Emergence of SARS-CoV-2 through recombination and strong purifying selection
The origin of SARS-CoV-2, causing agent of the current pandemic we are experiencing, remains a mystery. Partly because our fundamental knowledge on the natural diversity of coronaviruses is still limited. The origin of a pathogen can be revealed by comparing the information contained in its genome with that of other known genomes. This article shows that the SARS-COV-2 genome not only has 96.3% of genetic resemblance to the coronavirus isolated from bats in 2013 named RaTG13, but also has a region that is genetically similar to the coronavirus found in pangolins. That is to say, the covid-19 agent found in humans appears to be a hybrid.
One of the signs of hybridization, which in genetics is called recombination, occurs in the area of the genome that codes for the spike protein – the virus is named after this component of the crown which is also the protein that, by binding to the ACE2 receptor, allows the virus to enter human cells and infect them. The recombination signal is located specifically in the zone of the genome that codes for the binding region of the spike protein to the receptor. In this area, the SARS-COV-2 genome is no longer similar to the virus present in bats, resembling to the ones in pangolins. Genetic signatures like this reveal that the evolution of the ancestors of SARS-COV-2 is marked by a lot of recombination, and that recombination events in the spike gene can lead to considerable changes in its ability to bind to our cells, as shown by structural biology modelling techniques predictions. On the other hand, the level of variation caused by mutations in this gene indicates that the variation is restricted, which is compatible with the importance of the spike gene and other regions of the genome for the biology of the virus. We know that when a gene loses its function it can undergo all kinds of changes without effect and the observed diversity is not constrained. Therefore, the restriction of the diversity of the spike gene means that this gene is subject to a strong selection.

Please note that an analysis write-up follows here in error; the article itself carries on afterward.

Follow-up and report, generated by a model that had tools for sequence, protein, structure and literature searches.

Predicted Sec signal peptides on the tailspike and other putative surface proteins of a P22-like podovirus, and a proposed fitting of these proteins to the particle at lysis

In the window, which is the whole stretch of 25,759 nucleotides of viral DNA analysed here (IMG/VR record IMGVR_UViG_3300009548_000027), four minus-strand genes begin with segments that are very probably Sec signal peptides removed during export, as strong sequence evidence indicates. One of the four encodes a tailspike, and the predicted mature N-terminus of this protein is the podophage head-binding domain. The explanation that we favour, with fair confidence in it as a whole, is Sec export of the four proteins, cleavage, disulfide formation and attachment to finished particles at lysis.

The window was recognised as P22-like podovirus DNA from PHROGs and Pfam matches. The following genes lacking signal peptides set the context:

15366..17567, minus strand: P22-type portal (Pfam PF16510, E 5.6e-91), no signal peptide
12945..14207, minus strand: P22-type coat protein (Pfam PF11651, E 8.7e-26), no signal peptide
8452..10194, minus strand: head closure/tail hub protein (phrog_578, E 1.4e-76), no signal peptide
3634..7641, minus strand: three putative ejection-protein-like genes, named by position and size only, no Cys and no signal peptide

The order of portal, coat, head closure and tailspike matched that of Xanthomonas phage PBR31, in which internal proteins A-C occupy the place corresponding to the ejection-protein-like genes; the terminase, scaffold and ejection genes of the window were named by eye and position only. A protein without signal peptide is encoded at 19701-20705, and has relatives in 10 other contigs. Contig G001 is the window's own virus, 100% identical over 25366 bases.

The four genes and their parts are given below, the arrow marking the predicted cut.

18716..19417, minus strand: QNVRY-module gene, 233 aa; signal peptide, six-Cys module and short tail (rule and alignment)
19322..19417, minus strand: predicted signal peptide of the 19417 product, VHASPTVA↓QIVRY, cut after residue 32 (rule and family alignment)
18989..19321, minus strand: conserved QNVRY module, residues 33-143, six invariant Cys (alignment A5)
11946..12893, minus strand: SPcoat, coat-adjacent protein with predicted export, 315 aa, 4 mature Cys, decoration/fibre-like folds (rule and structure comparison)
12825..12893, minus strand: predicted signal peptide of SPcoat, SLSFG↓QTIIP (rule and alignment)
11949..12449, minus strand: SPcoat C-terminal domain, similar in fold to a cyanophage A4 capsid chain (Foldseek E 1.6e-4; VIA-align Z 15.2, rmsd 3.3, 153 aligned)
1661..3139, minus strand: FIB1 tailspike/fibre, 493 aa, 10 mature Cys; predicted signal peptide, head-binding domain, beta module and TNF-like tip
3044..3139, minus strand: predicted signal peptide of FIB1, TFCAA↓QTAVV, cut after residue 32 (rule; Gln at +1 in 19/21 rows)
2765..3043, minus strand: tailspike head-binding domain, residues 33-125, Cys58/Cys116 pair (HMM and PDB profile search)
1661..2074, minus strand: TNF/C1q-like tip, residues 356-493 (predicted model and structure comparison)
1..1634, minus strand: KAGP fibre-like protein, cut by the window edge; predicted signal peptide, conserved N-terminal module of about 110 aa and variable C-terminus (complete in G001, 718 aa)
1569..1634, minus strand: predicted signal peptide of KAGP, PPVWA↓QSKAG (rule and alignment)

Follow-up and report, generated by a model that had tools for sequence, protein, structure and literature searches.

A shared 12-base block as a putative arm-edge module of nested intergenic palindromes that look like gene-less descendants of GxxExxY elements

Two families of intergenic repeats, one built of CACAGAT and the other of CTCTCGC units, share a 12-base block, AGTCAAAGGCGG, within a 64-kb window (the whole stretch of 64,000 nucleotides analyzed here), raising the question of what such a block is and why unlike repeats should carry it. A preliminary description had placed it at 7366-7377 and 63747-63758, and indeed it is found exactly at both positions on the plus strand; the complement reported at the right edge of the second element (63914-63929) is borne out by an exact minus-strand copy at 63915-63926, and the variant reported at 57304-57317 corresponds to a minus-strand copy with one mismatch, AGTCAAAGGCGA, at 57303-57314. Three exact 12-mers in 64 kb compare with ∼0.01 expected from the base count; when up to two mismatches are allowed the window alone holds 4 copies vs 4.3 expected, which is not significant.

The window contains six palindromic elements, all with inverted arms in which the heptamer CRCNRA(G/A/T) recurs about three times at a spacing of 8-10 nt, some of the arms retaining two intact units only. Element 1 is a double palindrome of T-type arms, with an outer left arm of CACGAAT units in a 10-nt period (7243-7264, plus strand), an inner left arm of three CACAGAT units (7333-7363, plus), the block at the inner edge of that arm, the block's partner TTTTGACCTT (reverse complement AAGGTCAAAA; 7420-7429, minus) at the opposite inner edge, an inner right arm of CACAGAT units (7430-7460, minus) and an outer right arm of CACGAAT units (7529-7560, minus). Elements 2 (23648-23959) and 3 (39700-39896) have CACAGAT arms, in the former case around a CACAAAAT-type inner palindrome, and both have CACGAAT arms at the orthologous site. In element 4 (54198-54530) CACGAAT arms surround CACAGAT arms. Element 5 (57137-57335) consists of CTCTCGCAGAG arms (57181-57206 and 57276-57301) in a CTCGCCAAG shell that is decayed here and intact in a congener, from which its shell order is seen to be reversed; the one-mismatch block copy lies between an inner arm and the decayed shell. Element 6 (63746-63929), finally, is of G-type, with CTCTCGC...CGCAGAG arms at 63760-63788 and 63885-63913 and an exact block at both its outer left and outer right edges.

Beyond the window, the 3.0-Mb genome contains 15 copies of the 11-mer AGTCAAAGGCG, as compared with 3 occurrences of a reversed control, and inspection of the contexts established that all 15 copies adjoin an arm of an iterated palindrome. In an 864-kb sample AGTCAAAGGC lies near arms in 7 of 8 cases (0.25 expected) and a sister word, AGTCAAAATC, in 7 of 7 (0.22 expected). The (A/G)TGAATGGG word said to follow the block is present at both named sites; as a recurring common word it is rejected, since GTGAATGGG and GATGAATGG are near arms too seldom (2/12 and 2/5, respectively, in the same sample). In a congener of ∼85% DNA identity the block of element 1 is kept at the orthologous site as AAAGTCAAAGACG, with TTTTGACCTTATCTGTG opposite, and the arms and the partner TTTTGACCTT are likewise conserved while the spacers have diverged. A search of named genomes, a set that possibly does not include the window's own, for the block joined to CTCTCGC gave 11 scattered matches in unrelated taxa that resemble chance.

In conclusion, this article on comparative genomics, along with previous literature on coronaviruses and more recent publications that have assessed the function of various forms of spike that these viruses show in their natural diversity, suggests that the recombination and selection that purifies viruses from disadvantageous mutations are two common processes in its evolutionary history. These processes must be taken into account when considering the origin and evolution of the current pandemic and the prevention of future epidemics.
Contributing scientist: Isabel Gordo
Translation: Joana Saraiva